Stop! Just stop! I refuse to be a part of this any longer. Wrap it up, Writer Boy.
Why are you so against this, dear? I'd think you could be a big help with....
Are you really wanting to piss me off? Is it truly your intent to make this, of all things, a subject that I angrily reject?
Hey Doug! You're going to edit out this last exchange, right?
Sure, Guy. Whatever you say. abc

Mainstreaming of Cocktail Culture: The Blacklist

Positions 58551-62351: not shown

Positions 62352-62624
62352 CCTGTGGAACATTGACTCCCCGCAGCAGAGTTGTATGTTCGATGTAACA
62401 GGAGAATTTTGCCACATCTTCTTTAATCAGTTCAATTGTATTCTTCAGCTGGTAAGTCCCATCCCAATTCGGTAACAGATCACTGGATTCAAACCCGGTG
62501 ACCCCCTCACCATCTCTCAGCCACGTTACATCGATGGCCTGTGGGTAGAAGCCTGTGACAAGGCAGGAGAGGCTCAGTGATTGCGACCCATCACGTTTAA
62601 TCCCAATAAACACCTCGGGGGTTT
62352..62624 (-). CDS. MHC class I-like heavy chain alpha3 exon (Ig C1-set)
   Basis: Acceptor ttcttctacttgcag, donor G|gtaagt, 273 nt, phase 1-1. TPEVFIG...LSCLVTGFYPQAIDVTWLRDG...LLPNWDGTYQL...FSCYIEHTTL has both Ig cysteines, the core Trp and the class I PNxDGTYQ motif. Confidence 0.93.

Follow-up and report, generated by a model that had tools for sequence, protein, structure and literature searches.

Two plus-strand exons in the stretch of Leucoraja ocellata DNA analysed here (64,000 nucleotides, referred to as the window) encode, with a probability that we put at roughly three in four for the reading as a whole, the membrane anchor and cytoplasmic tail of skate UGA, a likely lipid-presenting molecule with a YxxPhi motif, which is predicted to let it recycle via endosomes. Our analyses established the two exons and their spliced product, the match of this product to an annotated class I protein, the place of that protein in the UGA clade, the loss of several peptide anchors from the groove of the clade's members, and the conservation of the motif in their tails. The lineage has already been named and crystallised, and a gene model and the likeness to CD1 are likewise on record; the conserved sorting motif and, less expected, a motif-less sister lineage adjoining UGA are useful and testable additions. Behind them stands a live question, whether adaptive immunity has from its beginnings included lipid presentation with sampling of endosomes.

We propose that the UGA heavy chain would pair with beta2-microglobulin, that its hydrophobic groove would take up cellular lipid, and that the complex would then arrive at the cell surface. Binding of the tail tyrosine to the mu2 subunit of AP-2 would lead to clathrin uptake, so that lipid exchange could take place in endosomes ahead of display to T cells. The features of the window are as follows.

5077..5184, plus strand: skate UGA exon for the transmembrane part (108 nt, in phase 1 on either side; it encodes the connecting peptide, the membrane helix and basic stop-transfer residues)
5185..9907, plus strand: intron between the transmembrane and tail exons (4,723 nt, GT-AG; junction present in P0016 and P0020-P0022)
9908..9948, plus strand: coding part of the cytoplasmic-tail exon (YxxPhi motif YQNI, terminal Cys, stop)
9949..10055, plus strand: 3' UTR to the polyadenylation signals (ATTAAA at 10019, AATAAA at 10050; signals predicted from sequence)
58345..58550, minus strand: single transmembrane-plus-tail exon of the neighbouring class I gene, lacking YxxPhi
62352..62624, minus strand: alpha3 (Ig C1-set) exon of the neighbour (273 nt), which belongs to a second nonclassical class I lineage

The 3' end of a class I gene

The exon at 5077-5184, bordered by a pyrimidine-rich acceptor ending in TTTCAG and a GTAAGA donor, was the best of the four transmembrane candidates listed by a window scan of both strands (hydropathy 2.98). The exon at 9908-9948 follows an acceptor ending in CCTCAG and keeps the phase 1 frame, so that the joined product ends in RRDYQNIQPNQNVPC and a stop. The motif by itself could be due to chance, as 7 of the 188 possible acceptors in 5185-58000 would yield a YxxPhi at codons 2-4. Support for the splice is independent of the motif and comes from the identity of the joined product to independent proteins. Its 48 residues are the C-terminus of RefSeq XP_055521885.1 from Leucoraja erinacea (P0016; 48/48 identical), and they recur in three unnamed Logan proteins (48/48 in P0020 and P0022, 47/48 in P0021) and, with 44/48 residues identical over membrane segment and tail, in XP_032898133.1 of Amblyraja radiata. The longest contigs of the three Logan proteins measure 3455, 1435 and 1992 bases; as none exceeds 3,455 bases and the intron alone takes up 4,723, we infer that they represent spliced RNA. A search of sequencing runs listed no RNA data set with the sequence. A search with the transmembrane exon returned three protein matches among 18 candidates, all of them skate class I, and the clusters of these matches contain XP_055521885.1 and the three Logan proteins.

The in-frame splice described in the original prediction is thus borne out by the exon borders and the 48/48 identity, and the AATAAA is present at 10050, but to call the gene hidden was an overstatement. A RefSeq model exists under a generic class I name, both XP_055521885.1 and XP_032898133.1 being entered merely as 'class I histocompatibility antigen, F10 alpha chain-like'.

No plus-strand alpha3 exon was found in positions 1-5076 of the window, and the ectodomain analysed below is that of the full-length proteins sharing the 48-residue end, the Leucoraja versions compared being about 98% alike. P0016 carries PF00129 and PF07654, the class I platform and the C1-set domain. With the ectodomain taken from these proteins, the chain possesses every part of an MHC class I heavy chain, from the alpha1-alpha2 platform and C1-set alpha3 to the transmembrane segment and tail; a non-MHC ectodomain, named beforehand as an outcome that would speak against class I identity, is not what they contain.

Greeting Rule 5 Monday folks! I'm not quite sure how I sent Wombat the link to this three year old post! I meant to direct you all to my post Rickey's Gin Dugout about Spring Break and Spring Break Drinks! Sorry! Blacklist Megan Boone James Spader Among the more important elements in growing and sustaining the cocktail movement is the way it is seeping into the popular culture, particularly the entertainment media. The obvious leader here is Mad Men (the show no one watches, and everybody talks about), with its loving ruminations on the importance of a well-made drink. If the world of fine cocktails wants to move beyond the strong fad or wave of fashion stage and embed itself firmly in a place in modern society similar to that of fine wine, it needs shows like Mad Men. But more, it needs scenes like the one that popped up this week on a new NBC show called The Blacklist, a show no one is talking about, but everyone is watching. Below is the entire second episode, embedded for your perusal. NBC doesn't seem to want to let me embed a clip or set the start time, so fast forward to 12 minutes for the scene that concerns us here. NBC may take a few moments to interest you in some insurance or soap before you can watch the video.... Here we see the series's heroic villain (villainous hero?) proantagonist, Raymond "Red" Reddington sitting down with young FBI profiler Elizabeth Keen at a Montreal restaurant. Before I get to the cocktail implications, I'm going to do a brief review of the show, because regardless of your cocktailian proclivities, it is worth a watch. Red is a former government agent who currently holds down the number four spot on the FBI's Most Wanted List, yet he has turned himself in to the feds solely in order to screw with the mind of Keen for some unknown and likely nefarious reason that we'll get a little bit closer to understanding each Sweeps Week. Red is played by James Spader (you know, Ultron), who chews the scenery in a delightfully understated manner and he uses the rest of the cast, and the FBI as a whole, to accomplish lots of Really Good Things, by Really Dubious Means, for reasons that no one understands, but that we viewers imagine are Really Bad. He is stylish, unflappable, decisive, and nearly omnicompetent. He loves a really good drink. Oh, and he's a textbook sociopath. Red's keeper/protegé Liz is played a bit too strongly in the first two episodes as an innocent with things to prove. I think this is to provide contrast to the dark and twisty road that Red (and probably her own past and her apparently too good to be true hubby) will take her on. The rest of the cast is to this point unfleshed out. Most so far remain stock characters that you've seen in a host of other shows. The team leader, Cooper, needs to get some interest quickly before he turns into a black Basil Exposition. Malik is the sweet-faced CIA agent forced upon the team because... Justice always likes to have the CIA around to keep an eye on the FBI or something. Her main role on the show so far is to torture suspects right in front of FBI agents because the CIA is unbound by any law, and to just generally give some ambiguity to Red's evil by being just as heartless. Finally the young FBI field agent Ressler is on the show to look smashing for the ladies while almost being blown up every episode. I snark about these characters because snark is what I do. There is potential in each, combined with Red's already fascinating portrayal and the generally strong stories, this could make for an ongoing hit. Think White Collar, with Hannibal Lecter instead of Neal Caffrey. Now, back to the scene. It was crafted, I guarantee you, by someone who is a genuine cocktail snob who wants to show cocktails as superior to wine, not just a writer in search of a display of sophistication and mentoring (grooming?). Let's break it down. Liz orders first, a glass of chardonnay, as boring and prosaic as you could imagine from someone who isn't really a world class sophisticate. Red immediately overrides her order to the waiter, in French. When the waiter returns with a purple cocktail, Red explains, "Aviation Cocktail. From the 20's. Tastes like... Spring, doesn't it?" The great cocktail in place of the boring wine is meant to be a gift, and also represent another step in taking control of her. But the clear implication here is that he upgraded her. Blacklist Megan Boone The Aviation is less popular today with the top of the cocktail set, but it used to be the cocktail fraternity's Secret Handshake. It is a gateway concoction, and you largely find it on menu these days in markets or areas where the industry is still impressing on the minds of its clientele that cocktails have a next level. Red is using a gateway cocktail as part of a gateway conversation. And like the most effective gateways, the subject doesn't know what she's getting into, with the drink or her relationship with Red. The show also takes great pains make the drink look appealing: It is generally backlit so you can appreciate the exotic purple coloring, etc. (Incidentally, there is no way whatever is in that glass is actually an Aviation. That jewel-like color means there is no lemon juice present, and the purple is so dark you'd need 50% Creme de Violette to get there.) We also get meaning from what Red drinks: a glass of neat whisky. Culturally, this is a cue that here is an older, more mature, and thoroughly masculine man, possessing both wisdom and perhaps inner pain. The scotch symbolizes him. Blacklist James Spader Scenes like this are essential to the mainstreaming of cocktails. First, it appears on a broadcast network, with an audience six times larger than a Mad Men, and ten times as diverse. Second, the drinks are portrayed as distinctly superior, in taste and sophistication, to wine. Third, the drinks are used to advance the story, and at multiple levels. Also, this episode is evidence of how far toward that end cocktails have come, for exactly the same reasons. In the event you haven't had an Aviation lately, or ever, I think I'll finish with what I think is the best recipe, along with a picture of what one really looks like (equally as gorgeous, but perhaps less videogenic.) This is the exact recipe I happened to have just made for myself before my wife and I sat down and hit play on the DVR to watch this week's The Blacklist. The looks on our faces at the twelve minute mark were priceless, I'm sure. Aviation